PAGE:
Permafrost Zones

 

Permafrost zones frontpicture

Permafrost, or permanently frozen ground, is ground (soil, sediment, or rock) that remains at or below 0°C for at least two consecutive years. It occurs both on land and beneath offshore arctic continental shelves, and underlies approximately 25% (23 million km²) of the Earth's land surface. The thickness of permafrost varies from less than one meter to more than 1500 meters. 

In the general model, the permafrost region of the northern hemisphere is commonly divided into broad zones, on the basis of the proportion of the ground that is underlain by permafrost. The northernmost zone, wherein permafrost is effectively ubiquitous, forms the continuous permafrost zone. To the south of this is the discontinuous permafrost zone, wherein some proportion of the ground does not contain permafrost. Over the years, different authors have subdivided the zone of discontinuous permafrost into several different subzones.

 

Classification of permafrost zones 

The earliest classification schemes, developed in Russia and followed in North America, defined the permafrost zones on the basis of ground temperature. In Russia, later works have used a combination of temperature and thickness to define the permafrost zones, sometimes with annotations of the spatial continuity of permafrost. In North America, Heginbottom relied heavily on spatial data in compiling his permafrost maps of Canada, and this approach was followed also in the compilation of the International Permafrost Association (IPA) northern hemisphere map.

in Heginbottom et al. 1995 the following distinctions are used:

  • Continuous permafrost
  • Discontinuous permafrost
  • Sporadic permafrost
  • Isolated patches.

 

"Mountain permafrost" is somewhat off these categories since its defintion is exclusively based on its location at high altitudes.

 

 Permafrost zones by ground temperature categories.

Permafrost groundtemp extent

 

EASE-Grid Legend

 

Continuous

 90-100%. Continuous permafrost is associated with the Arctic and Polar zones. In this zone, permafrost lies beneath the entire surface except beneath large rivers and deep lakes. Most continuous permafrost formed during or before the last glacial period. The southern limit of continuous permafrost corresponds closely to a mean annual isotherm(which is derived from air temperatures) of –8ºC.

 

 

Discontinuous

 50-90%. Discontinuous permafrost is associated with the Subarctic zone. Most discontinuous permafrost is much younger and formed within the last several thousand years. The southern limit of discontinuous permafrost corresponds closely to a mean annual isotherm of –1ºC.

 

Sporadic

 10-50%. There is no commonly acknowledged thermal criteria for the southern boundary of sporadic permafrost. The presence of sporadic permafrost is often dependent on the presence of organic soils that help preserve the permafrost under milder climates.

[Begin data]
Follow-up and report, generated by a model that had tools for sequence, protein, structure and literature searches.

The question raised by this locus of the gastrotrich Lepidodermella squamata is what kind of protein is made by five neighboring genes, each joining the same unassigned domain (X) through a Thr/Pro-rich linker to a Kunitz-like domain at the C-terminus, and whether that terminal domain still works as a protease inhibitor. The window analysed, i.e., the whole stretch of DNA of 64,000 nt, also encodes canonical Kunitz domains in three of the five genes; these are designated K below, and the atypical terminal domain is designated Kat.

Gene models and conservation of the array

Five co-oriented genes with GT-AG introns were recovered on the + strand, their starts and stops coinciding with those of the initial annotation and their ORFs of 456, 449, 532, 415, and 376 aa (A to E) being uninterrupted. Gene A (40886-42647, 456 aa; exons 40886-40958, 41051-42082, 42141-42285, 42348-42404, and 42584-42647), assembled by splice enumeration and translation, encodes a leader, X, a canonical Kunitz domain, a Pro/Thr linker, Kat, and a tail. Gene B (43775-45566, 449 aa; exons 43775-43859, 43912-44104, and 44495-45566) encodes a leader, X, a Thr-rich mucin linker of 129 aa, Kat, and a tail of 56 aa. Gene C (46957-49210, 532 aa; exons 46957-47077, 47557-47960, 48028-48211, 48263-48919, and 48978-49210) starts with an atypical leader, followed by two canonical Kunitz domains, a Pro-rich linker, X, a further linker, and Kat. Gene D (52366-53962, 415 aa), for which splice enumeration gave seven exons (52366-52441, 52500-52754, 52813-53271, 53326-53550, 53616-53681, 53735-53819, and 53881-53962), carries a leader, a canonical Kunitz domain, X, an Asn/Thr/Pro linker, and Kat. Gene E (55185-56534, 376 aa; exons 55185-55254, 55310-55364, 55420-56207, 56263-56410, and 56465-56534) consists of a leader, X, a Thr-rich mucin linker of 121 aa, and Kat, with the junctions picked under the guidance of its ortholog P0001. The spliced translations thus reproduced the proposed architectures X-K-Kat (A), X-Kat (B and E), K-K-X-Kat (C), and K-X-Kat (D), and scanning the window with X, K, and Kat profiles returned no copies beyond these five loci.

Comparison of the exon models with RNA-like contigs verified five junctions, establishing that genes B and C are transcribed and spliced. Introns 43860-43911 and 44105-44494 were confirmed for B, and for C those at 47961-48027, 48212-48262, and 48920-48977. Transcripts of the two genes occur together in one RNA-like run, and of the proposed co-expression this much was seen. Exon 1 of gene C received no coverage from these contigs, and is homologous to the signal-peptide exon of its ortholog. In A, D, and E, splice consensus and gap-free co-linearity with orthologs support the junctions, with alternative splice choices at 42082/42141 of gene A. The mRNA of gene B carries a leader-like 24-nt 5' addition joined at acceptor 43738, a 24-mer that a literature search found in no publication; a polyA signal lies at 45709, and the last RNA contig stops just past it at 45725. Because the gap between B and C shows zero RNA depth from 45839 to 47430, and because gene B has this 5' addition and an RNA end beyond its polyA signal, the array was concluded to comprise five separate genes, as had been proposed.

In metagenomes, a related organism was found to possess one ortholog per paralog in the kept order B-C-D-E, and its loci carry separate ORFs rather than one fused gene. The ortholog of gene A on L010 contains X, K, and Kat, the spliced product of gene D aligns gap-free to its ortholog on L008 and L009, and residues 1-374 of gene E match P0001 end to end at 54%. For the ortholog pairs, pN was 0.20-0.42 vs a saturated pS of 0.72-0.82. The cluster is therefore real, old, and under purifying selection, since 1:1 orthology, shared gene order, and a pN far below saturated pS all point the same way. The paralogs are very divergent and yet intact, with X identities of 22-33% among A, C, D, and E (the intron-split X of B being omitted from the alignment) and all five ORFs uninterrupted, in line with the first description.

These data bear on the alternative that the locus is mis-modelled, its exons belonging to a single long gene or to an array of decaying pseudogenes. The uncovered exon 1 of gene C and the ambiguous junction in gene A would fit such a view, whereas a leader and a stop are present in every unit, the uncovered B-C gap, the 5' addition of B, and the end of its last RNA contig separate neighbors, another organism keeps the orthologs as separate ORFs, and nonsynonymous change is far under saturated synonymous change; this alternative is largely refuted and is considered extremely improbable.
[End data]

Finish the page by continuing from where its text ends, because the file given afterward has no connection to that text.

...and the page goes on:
Isolated Patches

 0-10%. The distribution of permafrost and patchy, and permafrost-free terrain is common.

 

Mountain

Permafrost at high elevations where the mean annual air temperature is below -3°C. It often exists far below the altitudes to which glaciers extend, and even below the tree line in continental areas. Mountain permafrost exists in different forms - in steep bedrock, in rock glaciers, in debris deposited by glaciers or in vegetated soil, and contains variable amounts of stored fresh water in the form of ice. The distribution and characteristics of permafrost in mountain regions are very patchy. Areas with mountain permafrost include the Himalaya in Asia, the Alps in Europe, the Rocky Mountains in North America, and other high altitude mountain ranges.

 

No permafrost

No permafrost present.

 

 

References:

Bachelor of Circumpolar Studies 311, Module 1: Biophyical Parameters.

 

Brown, J., O.J. Ferrians, Jr., J.A. Heginbottom, and E.S. Melnikov. 1998, revised February 2001. Circum-arctic map of permafrost and ground ice conditions. Boulder, CO: National Snow and Ice Data Center. Digital media.

 

Heginbottom, J.A., Dubreuil, M-A. and Harker,P.A. 1995: Canada – Permafrost. Ottawa, Canada: Natural Resources Canada, National Atlas of Canada, 5th edition, Plate 2.1 (MCR No. 4177; scale 1:7 500 000).

 

Heginbottom, J.A. 2002. Permafrost mapping: a review. Progress in Physical Geography 26: 623.

 

Leopold, M., Voelkel, J., Dethier, D., Williams, M., and Caine. N. 2010: Mountain Permafrost - A Valid Archive to Study Climate Change? Examples from the Rocky Mountains Front Range of Colorado, USA. Nova Acta Leopoldina NF 112, Nr. 384, 281-289 (2010).

 

Permafrost zones and permafrost temperatures. http-server.carleton.ca/~msmith2/permafrost_zones.htm (accessed: 15 April 2014)

 

Romanovsky, V.E., Gruber, S., Instanes, A., Jin, H., Marchenko, S.S., Smith, S.L., Trombotto, D., & Walter, K.M. 2007. Frozen Ground, Chapter 7, In: Global Outlook for Ice and Snow, Earthprint, UNEP/GRID, Arendal, Norway, pp. 181-200. UNEP, 2007. Global Outlook for Ice and Snow. In: J. Eamer (ed). Norway: UNEP/GRID-Arendal, 235 pp.

 

The International Permafrost Association website: What is Permafrost? http://ipa.arcticportal.org/resources/what-is-permafrost (accessed: 15 April 2014).

 

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